Civil Servant

Civil Service Numbers

This page was last updated in December 2016.   Please follow @ukcivilservant on Twitter for notifications of new/amended material.

Key Facts

The UK workforce currently totals around 31.8 million, of which …

… around 17% (5.4 million) work in the public sector, of which …

… only around 1.3% (416,000 - less than 8% of public servants) are in the civil service.

The number employed by the civil service has fallen by 28% since the most recent peak in early 2005.  

The following two charts summarise the above data.

 

Note:   The figures in the first para above, and the above charts, are “headcount”, i.e. part-timers count as 1 each.  (This is because full time equivalent figures are not available for the private sector.)

The next chart tracks various measures of the number of full time equivalent (fte) civil servants.  There were about 385,000 fte civil servants in post in September 2016, including casual/temporary staff but excluding security personnel (see Note 3 below). 

 

Notes:

  1. ‘fte’ means that half-timers, for instance, are counted as 0.5.  (Total headcount (where every part-timer counts as 1.0) is significantly higher (c.35,000 in 2013).)
  2. Until 2003, the Cabinet Office published regular statistics excluding casual staff (c.11,000 in 2004) and separating out “non-industrials” (i.e. office staff) from “industrials” (i.e. blue collar workers, postal workers).  These are the two thin black lines in the above chart. They include security personnel.
  3. The Office of National Statistics then became the main provider of reliable statistics.  Their figures, which are seasonally adjusted and include both “industrials” and casual staff, and are shown in the thick red continuous line in the above chart.  The thin dotted red line provides a rough estimate of what total numbers might have been previously, including casual staff.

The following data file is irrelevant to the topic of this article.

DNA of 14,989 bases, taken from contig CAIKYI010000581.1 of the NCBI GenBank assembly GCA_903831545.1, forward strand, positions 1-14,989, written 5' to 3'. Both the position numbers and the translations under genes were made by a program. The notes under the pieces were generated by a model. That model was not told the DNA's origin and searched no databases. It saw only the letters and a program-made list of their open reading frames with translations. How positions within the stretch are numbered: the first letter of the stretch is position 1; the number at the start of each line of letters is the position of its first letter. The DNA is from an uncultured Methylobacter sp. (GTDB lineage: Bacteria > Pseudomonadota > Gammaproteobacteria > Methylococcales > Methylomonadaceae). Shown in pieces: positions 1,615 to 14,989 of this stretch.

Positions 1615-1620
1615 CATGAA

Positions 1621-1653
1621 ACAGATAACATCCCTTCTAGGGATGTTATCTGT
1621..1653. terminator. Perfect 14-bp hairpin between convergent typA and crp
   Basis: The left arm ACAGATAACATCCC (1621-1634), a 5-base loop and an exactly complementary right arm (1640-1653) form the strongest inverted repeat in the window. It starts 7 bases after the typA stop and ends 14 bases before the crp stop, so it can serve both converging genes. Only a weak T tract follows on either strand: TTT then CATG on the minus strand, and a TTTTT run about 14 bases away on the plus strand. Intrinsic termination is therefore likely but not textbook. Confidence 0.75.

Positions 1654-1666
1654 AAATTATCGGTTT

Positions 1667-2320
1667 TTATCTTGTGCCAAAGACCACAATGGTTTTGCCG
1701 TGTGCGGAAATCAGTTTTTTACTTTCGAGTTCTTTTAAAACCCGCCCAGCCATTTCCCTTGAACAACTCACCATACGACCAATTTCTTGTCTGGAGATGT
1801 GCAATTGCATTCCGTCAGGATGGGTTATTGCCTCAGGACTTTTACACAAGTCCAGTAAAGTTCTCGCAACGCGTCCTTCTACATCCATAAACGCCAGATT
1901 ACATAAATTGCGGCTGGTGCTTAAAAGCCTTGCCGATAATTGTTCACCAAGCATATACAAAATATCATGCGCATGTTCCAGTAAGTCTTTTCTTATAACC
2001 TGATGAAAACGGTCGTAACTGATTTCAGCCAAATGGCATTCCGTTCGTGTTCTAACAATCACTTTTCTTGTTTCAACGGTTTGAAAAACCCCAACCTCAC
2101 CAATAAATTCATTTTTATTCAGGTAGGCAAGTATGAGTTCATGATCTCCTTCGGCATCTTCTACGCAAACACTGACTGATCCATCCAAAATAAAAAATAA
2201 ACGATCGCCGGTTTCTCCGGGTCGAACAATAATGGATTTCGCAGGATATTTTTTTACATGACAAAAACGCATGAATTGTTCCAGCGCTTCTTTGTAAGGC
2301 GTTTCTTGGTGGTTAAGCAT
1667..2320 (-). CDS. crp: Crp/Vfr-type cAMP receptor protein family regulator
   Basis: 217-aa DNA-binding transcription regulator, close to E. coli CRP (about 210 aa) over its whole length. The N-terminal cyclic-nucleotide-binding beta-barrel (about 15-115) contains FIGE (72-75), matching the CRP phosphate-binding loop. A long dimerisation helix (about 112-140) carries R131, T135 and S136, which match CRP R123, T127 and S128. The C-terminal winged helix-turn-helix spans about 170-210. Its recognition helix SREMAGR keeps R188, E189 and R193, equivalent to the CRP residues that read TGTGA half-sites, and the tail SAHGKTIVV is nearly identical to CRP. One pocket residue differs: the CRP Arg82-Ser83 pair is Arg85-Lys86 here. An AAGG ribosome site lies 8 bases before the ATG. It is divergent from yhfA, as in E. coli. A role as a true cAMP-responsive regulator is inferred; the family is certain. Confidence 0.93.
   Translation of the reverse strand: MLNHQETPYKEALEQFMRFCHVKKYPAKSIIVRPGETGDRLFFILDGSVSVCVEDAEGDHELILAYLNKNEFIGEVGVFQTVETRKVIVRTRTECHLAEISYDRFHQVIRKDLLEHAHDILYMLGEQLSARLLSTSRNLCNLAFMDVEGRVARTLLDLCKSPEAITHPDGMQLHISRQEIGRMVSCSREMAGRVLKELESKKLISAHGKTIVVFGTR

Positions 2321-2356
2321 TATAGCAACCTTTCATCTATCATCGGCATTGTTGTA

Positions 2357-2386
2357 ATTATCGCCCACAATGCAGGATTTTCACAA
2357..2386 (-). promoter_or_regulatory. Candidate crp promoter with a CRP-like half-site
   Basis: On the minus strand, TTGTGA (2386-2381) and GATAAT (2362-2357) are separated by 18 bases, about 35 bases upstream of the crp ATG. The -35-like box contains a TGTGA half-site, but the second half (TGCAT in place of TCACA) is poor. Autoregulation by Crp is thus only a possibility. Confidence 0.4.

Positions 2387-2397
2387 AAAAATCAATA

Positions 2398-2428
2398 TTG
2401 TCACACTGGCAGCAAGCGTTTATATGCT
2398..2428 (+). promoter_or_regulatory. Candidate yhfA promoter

Civil Service Numbers: Historical Summary

The 1854 Northcote Trevelyan Report put the number of civil servants at not less than 16,000.  By 1902, there were around 50,000 non-industrial civil servants but the Tomlin Royal Commission 1929-1931 reported that there then 302,000 non-industrial and 122,000 industrial civil servants.  By 1939, these numbers were 163,000 and 184,000 respectively.  Many non-industrials were engaged in supporting the armed services (for instance in the Royal Naval dockyards) or in organisations such as the Royal Mail.  By 1944, towards the end of the war, the totals had reached 505,000 and 658,000 respectively, a grand total of 1,164,000 civil servants. 

The number of blue collar (industrial) civil servants then began to fall, aided by privatisation, reclassification and contracting out, so that there were only 18,200 in post as at October 2003.

Post 1979 Conservative Government: The number of white collar (non-industrial) civil servants has not fallen in anything like the same way.  Indeed, it hit a maximum of 571,000 (excluding casuals) in 1977, before Mrs Thatcher's government was elected in 1979.  It then fell to a low of 475,000 (now including casuals) in Q1 1999, about 18 months after the election of Tony Blair's New Labour government.